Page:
34. Henriksson G, Zhang L, Li J, Ljungquist P, Reitberger T, Pettersson G, Johansson G (2000) Is cellobiose dehydrogenase from Phanerochaete chrysosporium a lignin degrading enzyme? Biochem Biophys Acta 1480:83–91

  35. Hibbett DS, Binder M, Bischoff JF, Blackwell M, Cannon PF, Eriksson OE, Huhndorf S, James T, Kirk PM, Lücking R (2007) A higher-level phylogenetic classification of the Fungi. Mycol Res 111:509–547

  36. Hoffman GL (1999) Parasites of North American freshwater fishes. Cornell University Press, Ithaca

  37. Honda Y, Kitaoka M (2004) A family 8 glycoside hydrolase from Bacillus halodurans C-125 (BH2105) is a reducing end xylose-releasing exo-oligoxylanase. J Biol Chem 279:55097–55103

  38. Huang L, Forsberg CW (1987) Isolation of a cellodextrinase from Bacteroides succinogenes. Appl Environ Microbiol 53:1034–1041

  39. James TY, Porter D, Leander CA, Vilgalys R, Longcore JE (2000) Molecular phylogenetics of the Chytridiomycota supports the utility of ultrastructural data in chytrid systematics. Can J Bot 78:336–350

  40. James TY, Kauff F, Schoch CL, Matheny PB, Hofstetter V, Cox CJ, Celio G, Gueidan C, Fraker E, Miadlikowska J (2006a) Reconstructing the early evolution of Fungi using a six-gene phylogeny. Nature 443:818

  41. James TY, Letcher PM, Longcore JE, Mozley-Standridge SE, Porter D, Powell MJ, Griffith GW, Vilgalys R (2006b) A molecular phylogeny of the flagellated fungi (Chytridiomycota) and description of a new phylum (Blastocladiomycota). Mycologia 98:860–871

  42. James TY, Pelin A, Bonen L, Ahrendt S, Sain D, Corradi N, Stajich JE (2013) Shared signatures of parasitism and phylogenomics unite cryptomycota and microsporidia. Curr Biol 23:1548–1553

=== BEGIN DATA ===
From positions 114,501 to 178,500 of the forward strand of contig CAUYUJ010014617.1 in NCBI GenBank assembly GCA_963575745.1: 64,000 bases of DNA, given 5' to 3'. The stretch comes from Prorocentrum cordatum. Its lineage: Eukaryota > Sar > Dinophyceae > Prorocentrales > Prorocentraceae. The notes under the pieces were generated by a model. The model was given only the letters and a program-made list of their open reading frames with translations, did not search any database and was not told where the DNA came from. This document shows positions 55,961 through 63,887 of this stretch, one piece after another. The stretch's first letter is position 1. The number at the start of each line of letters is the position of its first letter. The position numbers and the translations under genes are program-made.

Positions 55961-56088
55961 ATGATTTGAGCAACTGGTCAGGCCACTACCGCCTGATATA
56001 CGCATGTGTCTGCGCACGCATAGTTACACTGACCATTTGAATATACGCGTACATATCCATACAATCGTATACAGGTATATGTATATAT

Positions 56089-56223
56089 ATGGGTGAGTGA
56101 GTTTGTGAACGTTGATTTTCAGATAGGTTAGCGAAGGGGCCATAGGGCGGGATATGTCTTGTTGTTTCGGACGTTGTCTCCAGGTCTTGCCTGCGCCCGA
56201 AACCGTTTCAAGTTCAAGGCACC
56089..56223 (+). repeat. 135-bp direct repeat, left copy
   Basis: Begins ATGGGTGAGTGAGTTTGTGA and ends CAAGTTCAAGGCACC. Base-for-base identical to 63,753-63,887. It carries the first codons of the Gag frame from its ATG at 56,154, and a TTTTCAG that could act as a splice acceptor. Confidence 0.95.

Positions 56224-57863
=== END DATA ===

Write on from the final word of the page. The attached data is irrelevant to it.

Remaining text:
43. Johansen KS (2016) Discovery and industrial applications of lytic polysaccharide mono-oxygenases. Biochem Soc Trans 44:143–149

  44. Juturu V, Wu JC (2014) Microbial exo-xylanases: a mini review. Appl Biochem Biotechnol 174:81–92

  45. Kameshwar A, Qin W (2016a) Recent developments in using advanced sequencing technologies for the genomic studies of lignin and cellulose degrading microorganisms. Int J Biol Sci 12:156–171

  46. Kameshwar AKS, Qin W (2016b) Lignin degrading fungal enzymes production of biofuels and chemicals from lignin. Springer, Berlin, pp 81–130

  47. Kameshwar AKS, Qin W (2017) Gene expression metadata analysis reveals molecular mechanisms employed by Phanerochaete chrysosporium during lignin degradation and detoxification of plant extractives. Curr Genet 63:877–894

  48. Kameshwar AKS, Qin W (2018) Genome wide analysis reveals the extrinsic cellulolytic and biohydrogen generating abilities of neocallimastigomycota fungi. J Genomics 6:74

  49. Karol KG, McCourt RM, Cimino MT, Delwiche CF (2001) The closest living relatives of land plants. Science 294:2351–2353

  50. Kelly G (2008) Inulin-type prebiotics—a review: part 1. Altern Med Rev 13:4

  51. Kendrick B (2000) The fifth kingdom 3rd. City name The USA. Focus Publishing, Bemidji

  52. Khaldi N, Seifuddin FT, Turner G, Haft D, Nierman WC, Wolfe KH, Fedorova ND (2010) SMURF: genomic mapping of fungal secondary metabolite clusters. Fungal Genet Biol 47:736–741

  53. Kikot GE, Hours RA, Alconada TM (2009) Contribution of cell wall degrading enzymes to pathogenesis of Fusarium graminearum: a review. J Basic Microbiol 49:231–241

  54. King BC, Waxman KD, Nenni NV, Walker LP, Bergstrom GC, Gibson DM (2011) Arsenal of plant cell wall degrading enzymes reflects host preference among plant pathogenic fungi. Biotechnol Biofuels 4:4